Thoughts on Film Critic Hulk’s “Myth Of The Three Act Structure”

People occasionally cite Film Critic Hulk’s indictment of the three act structure to me. I’ve always hated it.

Film Critic Hulk’s original post.

My version with more standard and readable grammar.

I translated it into plain English because I’ve always suspected that Film Critic Hulk uses his style to obfuscate poorly thought-out ideas and an extremely tenuous grasp of film criticism and theory. His ideas, while intermittently cogent, generally strike me as vastly inferior to the reviews you’d find on the wonderful Onion AV Club. Now it’s easier to read it for yourself.

I’d love to annotate the entirety of FCH’s post, like I’m doing with Save the Cat. I will if I detect even a flicker of interest.

MY THOUGHTS

The Film Critic Hulk doesn’t really like three act structure, so he’s not inclined to understand it. His examples of third act structure are obvious straw men. For a much smarter take on three act structure, consider the Bitter Script reader.

FCH says that many Hollywood movies are poorly outlined, conceptually anemic and broadly stupid. He blames three act structure, but this article is light on logical rigor, my takeaway was “If I like it, it was smartly constructed, if I didn’t, three act is to blame.” He also points out that Hollywood doesn’t even adhere to what he believes three act structure to be, which seems to undercut the main point he’s arguing.

He says that there is no such thing as three act structure. I actually agree with this. But he doesn’t seem to realize that any rationale that makes three act structure a myth would also make five act structure a myth (other than “Shakespeare used it.”). It’s all the same junk. Very occasionally, I’ll work with a writer uses five act structure as their primary tool for understanding screenwriting. Thus far, I’ve been able to help them within that paradigm, even though it’s not my “native tongue.”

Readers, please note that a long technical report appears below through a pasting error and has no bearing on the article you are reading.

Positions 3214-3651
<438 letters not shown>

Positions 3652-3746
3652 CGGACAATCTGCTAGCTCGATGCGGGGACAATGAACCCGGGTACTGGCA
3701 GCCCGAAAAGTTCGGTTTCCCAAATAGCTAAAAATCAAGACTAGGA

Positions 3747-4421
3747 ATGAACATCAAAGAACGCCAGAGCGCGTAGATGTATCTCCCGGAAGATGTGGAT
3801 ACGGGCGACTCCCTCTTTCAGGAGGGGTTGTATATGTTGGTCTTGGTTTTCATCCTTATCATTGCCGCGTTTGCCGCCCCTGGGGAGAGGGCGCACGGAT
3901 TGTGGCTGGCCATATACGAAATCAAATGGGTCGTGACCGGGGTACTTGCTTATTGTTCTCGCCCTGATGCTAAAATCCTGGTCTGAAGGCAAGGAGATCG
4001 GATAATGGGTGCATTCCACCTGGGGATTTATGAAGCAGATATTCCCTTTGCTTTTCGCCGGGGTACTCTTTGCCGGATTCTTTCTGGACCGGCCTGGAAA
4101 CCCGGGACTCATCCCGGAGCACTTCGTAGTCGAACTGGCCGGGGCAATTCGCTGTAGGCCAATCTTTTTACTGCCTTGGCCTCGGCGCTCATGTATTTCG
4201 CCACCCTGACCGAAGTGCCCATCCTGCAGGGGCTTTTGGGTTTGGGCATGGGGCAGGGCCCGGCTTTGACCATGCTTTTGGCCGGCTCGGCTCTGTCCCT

I’m a proponent of the three act structure , so I clearly have a philosophical ax to grind. I like three act structure not because it’s real, or true, or the best, but because it communicates the best because most people know about it. I lean on it for the same reasons that Film Critic Hulk holds up Romeo and Juliet as the platonic ideal of three act structure when it’s clear he prefers Hamlet – more people know Romeo and Juliet better, it communicates better, and communication is important for writers.

That’s probably why most of them don’t write in all-caps Hulk speak.

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